Monthly Archives December 2013

The Corsican Mouflon (mountain sheep)

1549463_434799533315270_188276342_nEndemic Corsican fauna: The Mouflon (mountain sheep)

The Corsican mouflon is a subspecies (Ovis aries / orientalis musimon), endemic to Corsica and Sardinia.
Patience must be practised in order to perceive them hiding in the mountains, especially in the Cintu and Bavella reserves – currently, the population is estimated between 500/1000 animals.

According to F. Poplin in 1979, and taken up by Vine (1992), the species was not present in Corsica before the Neolithic, therefore, the Corsican mouflon should be considered as a sheep (domesticated from two subspecies of western mouflon), brought by farmers to Corsica and Sardinia and returning to the wild – a process of undomestication.
Thus, he would have reacquired characteristics closer to his distant and wild cousins.
What about endemism in...

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Flavourful Corsican Soup, Mimi’s way*

Soup, is unavoidable over the winter months – and here’s savoury idea from
Mimi, with various vegetables for a Corsican soup – which is always plentiful and quite delicious.
The benefits from vitamins are, especially over these cold months, required and welcomed,
so, do indulge in soup whenever you can !                                     Soupe-corse-les-recettes-de-michele-Grimigni_large

Preparation: 15mins

Cooking: 2 hours


– 1 farmer’s ham (prizutti) bone or 1 ham hock (with or without its bone)

– 2 slices of panzetta (bacon)

– 1 onion

– 1/2 of 1 kale

– 100grs flat beans

– 200grs pumpkin

– 1 courgette

– 1 leek

– 2 small turnips

– 5 small potatoes

– 2 carrots

– 2 cloves of garlic

– 1 tomato

– 2 sticks of celery

– basil, salt+pepper, sunflower oil an...

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Customs and beliefs at Christmas, New Year and ceremonies

le rite des coups de feu
Did you know ?
In Corsica, it is customary to fire shots in the air for Christmas, New Year and certain other ceremonies ..

Yes, but why ?

Extending culturally throughout the US, Asia, Corsica, and also the Maghreb – this tradition permits the celebration of holidays such as New Year, along with religious holidays.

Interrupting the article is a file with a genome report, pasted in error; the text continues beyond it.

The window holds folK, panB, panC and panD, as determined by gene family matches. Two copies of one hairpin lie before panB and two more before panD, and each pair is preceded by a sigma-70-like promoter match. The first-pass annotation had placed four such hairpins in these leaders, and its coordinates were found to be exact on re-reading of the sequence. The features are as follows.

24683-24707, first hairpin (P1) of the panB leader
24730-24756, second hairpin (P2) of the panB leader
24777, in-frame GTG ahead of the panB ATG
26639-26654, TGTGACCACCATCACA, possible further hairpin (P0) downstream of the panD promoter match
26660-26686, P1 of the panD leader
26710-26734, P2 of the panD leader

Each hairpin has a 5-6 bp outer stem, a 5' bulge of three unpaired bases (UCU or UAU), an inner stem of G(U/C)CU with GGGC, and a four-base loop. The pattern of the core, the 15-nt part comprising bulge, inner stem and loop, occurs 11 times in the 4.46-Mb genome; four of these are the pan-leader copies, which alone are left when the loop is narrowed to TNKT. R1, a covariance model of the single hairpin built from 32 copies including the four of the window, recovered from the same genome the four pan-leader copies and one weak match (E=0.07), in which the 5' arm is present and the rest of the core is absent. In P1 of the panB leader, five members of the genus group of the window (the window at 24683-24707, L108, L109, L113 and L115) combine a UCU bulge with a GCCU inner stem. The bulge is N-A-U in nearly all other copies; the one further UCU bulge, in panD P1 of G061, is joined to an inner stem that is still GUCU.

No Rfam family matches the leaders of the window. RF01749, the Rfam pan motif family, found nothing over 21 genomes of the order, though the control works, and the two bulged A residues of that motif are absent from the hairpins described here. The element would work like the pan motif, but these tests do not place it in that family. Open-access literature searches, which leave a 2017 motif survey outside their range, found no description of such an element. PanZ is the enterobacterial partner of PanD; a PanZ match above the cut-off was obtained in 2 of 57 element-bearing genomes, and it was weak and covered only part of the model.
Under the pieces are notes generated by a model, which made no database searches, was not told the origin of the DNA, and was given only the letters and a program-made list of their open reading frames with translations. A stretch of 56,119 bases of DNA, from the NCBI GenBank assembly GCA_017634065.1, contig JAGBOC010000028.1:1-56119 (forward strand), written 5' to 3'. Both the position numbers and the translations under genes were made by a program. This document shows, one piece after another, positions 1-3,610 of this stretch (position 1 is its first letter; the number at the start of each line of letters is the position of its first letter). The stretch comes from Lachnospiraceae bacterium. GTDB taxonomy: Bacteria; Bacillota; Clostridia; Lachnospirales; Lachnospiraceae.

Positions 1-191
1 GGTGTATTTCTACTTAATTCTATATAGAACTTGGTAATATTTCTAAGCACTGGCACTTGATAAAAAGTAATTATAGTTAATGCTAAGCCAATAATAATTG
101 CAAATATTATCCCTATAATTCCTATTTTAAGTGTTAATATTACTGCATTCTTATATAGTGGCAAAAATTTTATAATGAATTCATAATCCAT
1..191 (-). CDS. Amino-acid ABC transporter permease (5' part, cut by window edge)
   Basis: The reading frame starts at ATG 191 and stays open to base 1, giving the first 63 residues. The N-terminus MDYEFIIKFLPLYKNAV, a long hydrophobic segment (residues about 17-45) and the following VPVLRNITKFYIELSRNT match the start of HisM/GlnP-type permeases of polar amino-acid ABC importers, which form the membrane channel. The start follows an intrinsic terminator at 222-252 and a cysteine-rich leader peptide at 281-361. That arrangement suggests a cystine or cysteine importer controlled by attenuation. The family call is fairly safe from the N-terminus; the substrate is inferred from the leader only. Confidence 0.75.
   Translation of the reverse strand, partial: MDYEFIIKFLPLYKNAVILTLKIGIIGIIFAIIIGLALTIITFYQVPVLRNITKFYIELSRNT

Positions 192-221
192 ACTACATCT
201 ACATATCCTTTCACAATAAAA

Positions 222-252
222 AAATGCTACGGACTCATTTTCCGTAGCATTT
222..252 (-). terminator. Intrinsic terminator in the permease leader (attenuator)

While the powder was originally created to make noise, the historian Constantin Parvulesco believes that shooting in the air sometimes takes on a ritualised and religious dimension.

Gunshots in the air also register within a symbolic dimension. “Weapons are intimately associated with the concept of freedom in many countries. Therefore, firing in the air is a means of expression...

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Winter Solstice and the Christmas/Yule log

la buche de Noël
Did you know ?
On the evening of December 24th, in the past in Corsica and in other regions, a Christmas/Yule log made of dense wood, was burnt in the fireplace. But, it had to burn very slowly indeed, in order to continue to burn on Christmas evening, December 25th.

Origins of this tradition have been found as far back as the 12th century, and seemingly, from what we know, it would appear to have been a pagan ritual – celebrating winter solstice. When the log had completely burnt to ashes, these were kept – for it was believed and said that they held healing powers, capable of curing illnesses, protecting against storms and fertilising the earth.



Source via: Corse Passion ©

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‘U Fullettu’ – there was once a curious goblin ..

 a Christmas story - Corse Passion
Tonight at the vigil, we will listen to a story about a goblin.
Who is he ?

He is described as a small man, with an iron fist. He enters homes, preferably in the morning without making noise. Not everyone has met him, but those who have crossed his path, are not likely to forget him, and when he enters a house – it is very difficult to make him leave ..

One evening in Castagniccia, as night was falling, a brave miller was grinding his chestnuts when he heard a noise near his mill. Outside, he could hear a cold, sad and hungry child crying – so, the miller decided to take him home. When he tried to warm him, setting him near the fireplace where a large fire was burning, the boy took fright and refused, because he did not want the miller to see his forked feet...

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